This app exposes the white-collar criminals all around you

This app exposes the white-collar criminals all around you

Looking through the glossy lens of the New York Police Department's crime tracking data, compiled in Compstat 2.0, you'd think that the denizens of Wall Street were model citizens. Sure, there are a few scuffles in the past month, some petty pilfering at the corner stores. But no sweeping fraud, no tax evasion, no market manipulation, insider trading, counterfeiting or employment discrimination. 

To see the real criminality on Wall Street, you have to look through another lens entirely.

A new app and website called White Collar Crime Risk Zones, which goes by the initials WCCRZ, shows exactly what neighborhoods are chock full of financial criminals, how much damage they're doing and even what they might look like. Using data from the Financial Industry Regulatory Authority, a team of technologists affiliated with the left-wing magazine New Inquiry created the open-source tool so that anyone can put a face on the labyrinthian world of white collar crime hidden in their own home town.

The app contains a wealth of data about where financial crimes occur, what the local offending corporations are, what kind of criminal activity is present and the severity of the damages.
Source: WCCRZ

The app was created in the image of so-called "predictive policing" apps — the new spectrum of apps and tools used by police to map out where crime is likely to occur so that police chiefs know what neighborhoods to patrol. Because these systems are informed by historical data about where police are already sensing crime and arresting offenders, any biases in police behavior, including racial biases, are affirmed and amplified by these crime-predicting algorithms.

"The truth is that all of those systems use biased data sets and reinforce precisely the biases that they emerge from," Sam Lavigne, a technologist and the New Inquiry's special projects editor who helped develop WCCRZ, said in a phone interview on Tuesday. "And that the police departments making use of those systems work behind a veil of objectivity."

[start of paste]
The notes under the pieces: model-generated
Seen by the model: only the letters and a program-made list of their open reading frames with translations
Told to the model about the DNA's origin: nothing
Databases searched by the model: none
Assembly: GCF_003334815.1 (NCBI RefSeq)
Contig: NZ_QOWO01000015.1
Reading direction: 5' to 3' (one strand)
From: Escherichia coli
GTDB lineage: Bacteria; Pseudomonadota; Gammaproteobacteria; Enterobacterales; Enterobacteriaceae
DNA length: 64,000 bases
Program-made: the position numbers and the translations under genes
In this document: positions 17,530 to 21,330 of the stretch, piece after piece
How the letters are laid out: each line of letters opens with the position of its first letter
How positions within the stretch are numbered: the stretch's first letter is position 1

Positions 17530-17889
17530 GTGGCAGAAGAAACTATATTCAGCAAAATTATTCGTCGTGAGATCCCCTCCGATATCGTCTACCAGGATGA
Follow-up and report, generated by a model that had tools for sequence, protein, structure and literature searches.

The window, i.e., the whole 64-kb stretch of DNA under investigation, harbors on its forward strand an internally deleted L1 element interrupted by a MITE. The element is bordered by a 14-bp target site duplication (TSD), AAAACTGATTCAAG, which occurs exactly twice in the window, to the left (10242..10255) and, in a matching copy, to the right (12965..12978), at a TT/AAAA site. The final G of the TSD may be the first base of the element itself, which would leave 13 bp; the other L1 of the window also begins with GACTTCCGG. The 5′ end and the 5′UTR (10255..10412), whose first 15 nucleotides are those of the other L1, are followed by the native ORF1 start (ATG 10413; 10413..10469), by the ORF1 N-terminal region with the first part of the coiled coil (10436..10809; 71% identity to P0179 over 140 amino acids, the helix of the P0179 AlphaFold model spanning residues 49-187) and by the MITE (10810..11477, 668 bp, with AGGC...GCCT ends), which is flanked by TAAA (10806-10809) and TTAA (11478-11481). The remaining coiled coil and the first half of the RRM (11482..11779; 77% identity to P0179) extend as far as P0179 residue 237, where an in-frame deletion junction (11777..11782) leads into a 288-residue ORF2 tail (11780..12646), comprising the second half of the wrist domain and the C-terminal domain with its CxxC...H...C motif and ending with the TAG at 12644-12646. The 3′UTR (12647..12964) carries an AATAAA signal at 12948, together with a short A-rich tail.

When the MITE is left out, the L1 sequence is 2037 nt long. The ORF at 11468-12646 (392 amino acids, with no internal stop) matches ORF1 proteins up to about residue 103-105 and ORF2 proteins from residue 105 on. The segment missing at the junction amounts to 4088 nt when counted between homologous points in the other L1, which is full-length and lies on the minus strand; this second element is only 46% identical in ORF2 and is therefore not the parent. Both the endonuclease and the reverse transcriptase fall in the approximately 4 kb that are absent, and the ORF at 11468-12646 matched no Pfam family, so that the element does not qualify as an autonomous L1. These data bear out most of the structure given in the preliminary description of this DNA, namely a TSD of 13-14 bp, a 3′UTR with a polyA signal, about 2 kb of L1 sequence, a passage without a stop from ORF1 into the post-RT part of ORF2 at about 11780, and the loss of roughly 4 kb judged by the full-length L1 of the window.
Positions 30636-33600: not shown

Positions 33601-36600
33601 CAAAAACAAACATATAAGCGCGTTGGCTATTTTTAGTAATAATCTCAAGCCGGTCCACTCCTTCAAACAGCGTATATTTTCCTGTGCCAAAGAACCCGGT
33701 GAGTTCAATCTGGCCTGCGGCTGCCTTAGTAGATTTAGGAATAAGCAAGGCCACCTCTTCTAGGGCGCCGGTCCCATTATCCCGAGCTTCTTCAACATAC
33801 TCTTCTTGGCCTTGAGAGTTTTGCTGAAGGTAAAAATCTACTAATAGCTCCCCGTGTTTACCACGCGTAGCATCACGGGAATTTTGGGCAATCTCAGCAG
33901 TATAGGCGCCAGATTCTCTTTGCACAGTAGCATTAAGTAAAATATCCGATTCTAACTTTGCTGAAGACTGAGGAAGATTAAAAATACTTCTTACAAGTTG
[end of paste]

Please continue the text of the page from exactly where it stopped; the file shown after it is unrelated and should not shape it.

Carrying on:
So the WCCRZ team, which included Lavigne, the New Inquiry publisher Francis Tseng and data scientist Brian Clifton, built out a "Most Likely Suspect" feature, scraping the LinkedIn profiles of top executives in that area to come up with a facial average. The app slaps a new face on crime: a thousand algorithmically generated, grinning white fraudsters.

It may not be the face of crime trotted out on the evening news, but that's the point. The app reframes the common cultural code for criminality — typically black, poor and uneducated — around corporations and neighborhoods that more accurately reflect where crime happens and who's committing it.

Many apps have done more harm than good when it comes to crime and poverty. Silicon Valley-style founders have spilled thousands of lines of code creating apps that warn users of the shady neighborhoods in their cities — apps like SketchFactor, which came under fire for dressing up racial paranoia behind a sleek user interface.

New York City's financial district is an epicenter of white collar crime in the United States, but prosecutors are hard-pressed to put bankers in jail.
Source: Getty

"Those aren't shady neighborhoods, those are neighborhoods where people live," Lavigne said. "The shady neighborhoods are where no one lives and all of this financial crime is happening. What's going on there is pretty shady."

So WCCRZ notices when users enter one of these shady financial districts and sends a push notification, telling them to be on high alert for financial crime. White collar crime may not strike from a dark alley — as the urban paradigm teaches people to expect from criminal neighborhoods — but the notification serves as a reminder that broken windows aren't the only way of knowing that criminal activity is afoot.

April 25, 2017, 3:15 p.m.: This post has been updated.